The MAPI Foundation (the research affiliate of the Manufacturers Alliance for Productivity and Innovation) has released its latest U.S. Industrial Outlook, a quarterly analysis of 27 major industries. Some of the key findings from Chief Economist Dan Meckstroth included:
- Industrial production levels were essentially unchanged from the third to the fourth quarter of 2015.
- Factors such as high inventories, a stronger dollar that makes exports more expensive, falling commodity prices (especially oil), and the classification of large purchases as risks instead of investments are some of the primary causes of this slow growth.
- The sector's erratic pattern of surges and declines isn't providing a solid footing for expansion, with only 1.1 percent production growth expected this year.
Meckstroth revised his forecast for 2016 to show slightly lower GDP growth, but significantly slower growth in manufacturing. He’s forecasting 1.1 percent growth in 2016, 2.4 percent in 2017 and 2.5 percent in 2018 for production levels. He also stated that strong domestic demand is buffering the overall economy, which is also benefiting from a steady growth in jobs. In particular, he identified the motor vehicle and housing supply chains as areas of strength.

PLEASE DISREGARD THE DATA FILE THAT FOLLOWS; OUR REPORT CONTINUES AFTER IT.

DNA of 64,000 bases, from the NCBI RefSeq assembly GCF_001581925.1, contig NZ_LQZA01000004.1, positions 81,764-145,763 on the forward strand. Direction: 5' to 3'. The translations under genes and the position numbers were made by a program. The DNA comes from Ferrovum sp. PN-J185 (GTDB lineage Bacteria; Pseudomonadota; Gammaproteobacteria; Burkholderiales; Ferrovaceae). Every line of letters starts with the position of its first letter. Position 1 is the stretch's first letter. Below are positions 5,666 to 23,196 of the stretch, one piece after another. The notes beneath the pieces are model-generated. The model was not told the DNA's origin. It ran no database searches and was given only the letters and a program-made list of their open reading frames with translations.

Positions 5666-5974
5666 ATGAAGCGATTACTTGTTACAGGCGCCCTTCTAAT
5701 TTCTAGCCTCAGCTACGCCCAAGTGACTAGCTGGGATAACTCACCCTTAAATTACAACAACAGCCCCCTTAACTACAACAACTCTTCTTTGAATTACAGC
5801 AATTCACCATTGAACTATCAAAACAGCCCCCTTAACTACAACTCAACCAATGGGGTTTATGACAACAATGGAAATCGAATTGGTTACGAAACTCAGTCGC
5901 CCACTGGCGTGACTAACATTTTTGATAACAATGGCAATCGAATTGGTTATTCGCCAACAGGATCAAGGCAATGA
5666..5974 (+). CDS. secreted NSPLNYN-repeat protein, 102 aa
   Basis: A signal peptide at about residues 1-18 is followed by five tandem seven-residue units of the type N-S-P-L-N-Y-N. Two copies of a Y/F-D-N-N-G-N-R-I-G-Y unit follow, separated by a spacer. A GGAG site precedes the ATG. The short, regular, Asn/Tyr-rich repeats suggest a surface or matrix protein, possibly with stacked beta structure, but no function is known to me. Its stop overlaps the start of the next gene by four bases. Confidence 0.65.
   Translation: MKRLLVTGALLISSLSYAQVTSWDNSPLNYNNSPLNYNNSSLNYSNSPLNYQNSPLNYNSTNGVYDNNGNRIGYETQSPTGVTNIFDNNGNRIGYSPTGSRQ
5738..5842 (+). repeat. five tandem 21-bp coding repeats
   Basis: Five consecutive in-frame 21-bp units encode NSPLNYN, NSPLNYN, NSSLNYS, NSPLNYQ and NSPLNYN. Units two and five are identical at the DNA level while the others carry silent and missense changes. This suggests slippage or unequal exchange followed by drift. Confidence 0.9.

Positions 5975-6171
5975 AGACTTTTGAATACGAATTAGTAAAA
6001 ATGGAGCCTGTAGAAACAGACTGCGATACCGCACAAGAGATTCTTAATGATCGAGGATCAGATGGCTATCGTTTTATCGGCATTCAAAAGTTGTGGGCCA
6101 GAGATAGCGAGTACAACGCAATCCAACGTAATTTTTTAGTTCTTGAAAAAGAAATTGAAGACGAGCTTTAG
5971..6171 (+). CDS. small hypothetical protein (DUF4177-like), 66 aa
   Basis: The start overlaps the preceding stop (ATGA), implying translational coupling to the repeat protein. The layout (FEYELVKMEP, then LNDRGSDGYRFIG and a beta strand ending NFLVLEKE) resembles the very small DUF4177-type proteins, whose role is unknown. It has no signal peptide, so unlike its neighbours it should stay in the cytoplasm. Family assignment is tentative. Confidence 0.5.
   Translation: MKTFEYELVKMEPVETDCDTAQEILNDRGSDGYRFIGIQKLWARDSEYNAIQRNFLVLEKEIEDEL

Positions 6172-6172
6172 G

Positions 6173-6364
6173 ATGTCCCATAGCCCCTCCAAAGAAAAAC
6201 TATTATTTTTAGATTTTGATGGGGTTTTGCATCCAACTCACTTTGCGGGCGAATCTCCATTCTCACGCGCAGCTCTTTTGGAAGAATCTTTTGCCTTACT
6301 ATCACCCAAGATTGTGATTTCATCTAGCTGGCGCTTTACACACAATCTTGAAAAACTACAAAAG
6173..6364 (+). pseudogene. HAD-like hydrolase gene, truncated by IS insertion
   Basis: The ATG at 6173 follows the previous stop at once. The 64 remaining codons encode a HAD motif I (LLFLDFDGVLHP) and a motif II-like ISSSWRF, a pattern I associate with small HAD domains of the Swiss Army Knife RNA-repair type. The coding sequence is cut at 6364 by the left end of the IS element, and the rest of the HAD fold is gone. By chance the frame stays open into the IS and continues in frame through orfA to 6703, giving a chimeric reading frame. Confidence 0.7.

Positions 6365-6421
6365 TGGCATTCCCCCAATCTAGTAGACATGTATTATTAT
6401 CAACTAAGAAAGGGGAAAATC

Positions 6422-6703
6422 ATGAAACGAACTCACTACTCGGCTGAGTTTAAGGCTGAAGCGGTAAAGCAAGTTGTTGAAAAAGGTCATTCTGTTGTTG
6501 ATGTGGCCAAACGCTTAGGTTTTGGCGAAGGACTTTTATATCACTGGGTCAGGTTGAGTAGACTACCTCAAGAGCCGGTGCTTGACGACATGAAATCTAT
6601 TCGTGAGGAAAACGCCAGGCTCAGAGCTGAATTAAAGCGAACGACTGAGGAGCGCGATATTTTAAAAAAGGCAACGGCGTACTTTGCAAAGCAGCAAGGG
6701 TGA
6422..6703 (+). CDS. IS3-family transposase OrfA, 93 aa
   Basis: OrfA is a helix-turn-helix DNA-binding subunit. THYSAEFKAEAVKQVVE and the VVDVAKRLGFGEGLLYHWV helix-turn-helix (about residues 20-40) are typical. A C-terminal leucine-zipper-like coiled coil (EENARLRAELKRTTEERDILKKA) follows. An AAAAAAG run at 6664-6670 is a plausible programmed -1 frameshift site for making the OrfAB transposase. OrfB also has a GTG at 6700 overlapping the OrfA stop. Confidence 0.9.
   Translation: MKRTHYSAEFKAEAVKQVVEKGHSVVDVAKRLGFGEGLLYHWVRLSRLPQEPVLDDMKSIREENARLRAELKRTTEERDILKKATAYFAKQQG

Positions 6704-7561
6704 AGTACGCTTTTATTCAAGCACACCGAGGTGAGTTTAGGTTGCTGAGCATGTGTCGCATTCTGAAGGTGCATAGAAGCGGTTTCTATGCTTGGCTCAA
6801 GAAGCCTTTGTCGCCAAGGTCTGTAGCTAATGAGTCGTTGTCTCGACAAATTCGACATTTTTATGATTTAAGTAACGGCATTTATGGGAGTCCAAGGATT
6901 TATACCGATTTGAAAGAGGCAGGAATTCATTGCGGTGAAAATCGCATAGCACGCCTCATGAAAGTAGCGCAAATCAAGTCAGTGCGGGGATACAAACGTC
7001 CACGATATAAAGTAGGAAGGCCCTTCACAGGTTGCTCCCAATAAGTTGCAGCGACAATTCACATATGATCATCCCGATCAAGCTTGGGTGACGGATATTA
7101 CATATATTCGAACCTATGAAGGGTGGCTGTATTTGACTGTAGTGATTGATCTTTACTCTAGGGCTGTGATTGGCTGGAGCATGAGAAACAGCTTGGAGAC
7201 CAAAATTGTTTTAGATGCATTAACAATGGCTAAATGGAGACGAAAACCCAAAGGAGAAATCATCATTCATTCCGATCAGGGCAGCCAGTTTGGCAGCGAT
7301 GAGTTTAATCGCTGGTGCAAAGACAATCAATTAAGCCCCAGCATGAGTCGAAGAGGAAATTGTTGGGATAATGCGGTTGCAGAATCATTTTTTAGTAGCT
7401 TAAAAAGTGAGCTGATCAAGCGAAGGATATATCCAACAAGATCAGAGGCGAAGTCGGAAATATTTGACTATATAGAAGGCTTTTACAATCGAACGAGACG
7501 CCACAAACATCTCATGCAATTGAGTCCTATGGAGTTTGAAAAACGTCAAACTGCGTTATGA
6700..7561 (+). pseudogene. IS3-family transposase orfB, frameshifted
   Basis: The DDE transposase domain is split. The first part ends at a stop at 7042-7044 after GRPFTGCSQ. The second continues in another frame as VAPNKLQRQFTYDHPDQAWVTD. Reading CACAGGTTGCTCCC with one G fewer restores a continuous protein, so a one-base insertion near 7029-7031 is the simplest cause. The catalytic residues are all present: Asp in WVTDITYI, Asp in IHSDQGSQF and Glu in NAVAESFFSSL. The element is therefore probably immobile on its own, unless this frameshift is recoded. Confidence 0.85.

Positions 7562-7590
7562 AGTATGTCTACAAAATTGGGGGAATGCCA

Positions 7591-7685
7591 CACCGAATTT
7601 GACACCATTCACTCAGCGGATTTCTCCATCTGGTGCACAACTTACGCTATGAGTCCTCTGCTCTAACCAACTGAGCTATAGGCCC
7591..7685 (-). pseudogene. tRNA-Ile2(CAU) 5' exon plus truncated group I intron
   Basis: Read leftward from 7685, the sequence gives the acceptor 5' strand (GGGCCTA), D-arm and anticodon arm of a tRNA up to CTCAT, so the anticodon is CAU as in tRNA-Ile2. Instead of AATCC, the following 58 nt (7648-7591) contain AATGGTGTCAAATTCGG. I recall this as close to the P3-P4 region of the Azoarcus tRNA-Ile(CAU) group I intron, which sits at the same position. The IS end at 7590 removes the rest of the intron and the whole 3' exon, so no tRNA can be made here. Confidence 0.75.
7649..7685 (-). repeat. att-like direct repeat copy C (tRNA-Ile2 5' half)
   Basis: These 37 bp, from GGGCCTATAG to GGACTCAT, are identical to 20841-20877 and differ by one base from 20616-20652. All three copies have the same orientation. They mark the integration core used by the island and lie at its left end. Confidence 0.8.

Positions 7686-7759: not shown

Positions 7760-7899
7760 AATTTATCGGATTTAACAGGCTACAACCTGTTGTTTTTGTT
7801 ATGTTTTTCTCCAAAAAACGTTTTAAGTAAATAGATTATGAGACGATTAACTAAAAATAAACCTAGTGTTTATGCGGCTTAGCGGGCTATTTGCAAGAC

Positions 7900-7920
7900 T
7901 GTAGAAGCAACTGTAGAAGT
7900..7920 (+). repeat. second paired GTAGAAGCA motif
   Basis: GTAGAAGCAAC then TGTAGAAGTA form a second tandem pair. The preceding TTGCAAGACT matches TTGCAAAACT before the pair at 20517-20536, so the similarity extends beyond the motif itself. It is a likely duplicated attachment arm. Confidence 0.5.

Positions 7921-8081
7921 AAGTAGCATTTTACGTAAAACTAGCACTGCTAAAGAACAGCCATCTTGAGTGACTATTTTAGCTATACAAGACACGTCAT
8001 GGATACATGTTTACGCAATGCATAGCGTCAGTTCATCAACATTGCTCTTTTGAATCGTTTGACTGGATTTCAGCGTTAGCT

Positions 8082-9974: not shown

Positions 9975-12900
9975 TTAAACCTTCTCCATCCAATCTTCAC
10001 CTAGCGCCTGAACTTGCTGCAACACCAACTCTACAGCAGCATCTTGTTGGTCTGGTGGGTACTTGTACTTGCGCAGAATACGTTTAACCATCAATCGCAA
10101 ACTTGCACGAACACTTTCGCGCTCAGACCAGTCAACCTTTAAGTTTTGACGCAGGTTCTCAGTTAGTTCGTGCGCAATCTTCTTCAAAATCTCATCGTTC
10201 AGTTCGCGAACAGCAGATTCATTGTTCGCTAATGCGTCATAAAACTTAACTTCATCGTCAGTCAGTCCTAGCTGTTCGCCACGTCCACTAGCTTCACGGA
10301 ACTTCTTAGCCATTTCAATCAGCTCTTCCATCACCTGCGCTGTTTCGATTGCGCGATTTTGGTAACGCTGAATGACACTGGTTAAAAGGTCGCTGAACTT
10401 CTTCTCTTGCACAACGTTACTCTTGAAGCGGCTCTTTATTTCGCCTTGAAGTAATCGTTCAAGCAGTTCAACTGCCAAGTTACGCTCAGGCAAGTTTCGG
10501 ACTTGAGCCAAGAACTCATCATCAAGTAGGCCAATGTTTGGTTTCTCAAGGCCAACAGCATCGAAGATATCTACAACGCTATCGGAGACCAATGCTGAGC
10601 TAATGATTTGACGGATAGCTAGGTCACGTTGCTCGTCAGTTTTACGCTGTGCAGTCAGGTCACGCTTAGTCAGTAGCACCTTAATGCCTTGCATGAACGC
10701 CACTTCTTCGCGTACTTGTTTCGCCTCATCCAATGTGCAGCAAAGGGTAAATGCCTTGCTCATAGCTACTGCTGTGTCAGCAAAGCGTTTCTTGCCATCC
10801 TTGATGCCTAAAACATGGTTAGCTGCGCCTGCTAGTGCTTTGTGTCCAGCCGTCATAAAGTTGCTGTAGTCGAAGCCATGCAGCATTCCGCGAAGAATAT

Looking longer term, Meckstroth is projecting the following:
- Manufacturing will experience almost no production growth in the first half of 2016 but should accelerate to a three percent annual rate in the second half. Meckstroth predicts that manufacturing will not reach its pre-recession production level until the third quarter of 2017.
- In his cyclical analysis of manufacturing industries, Meckstroth finds that the housing supply chain will ramp up for three more years.
- Motor vehicles' growth streak will continue through 2017.
- Demographics and the Affordable Care Act will drive demand for medical care, equipment and facility construction.
- Total machinery production will decline this year, as will mining and drilling equipment production. Mining, however should rebound in the following two years.
The report also offers specific economic forecasts for 23 industry segments. The MAPI Foundation anticipates that 13 sectors will show gains in 2016. That information can be found here.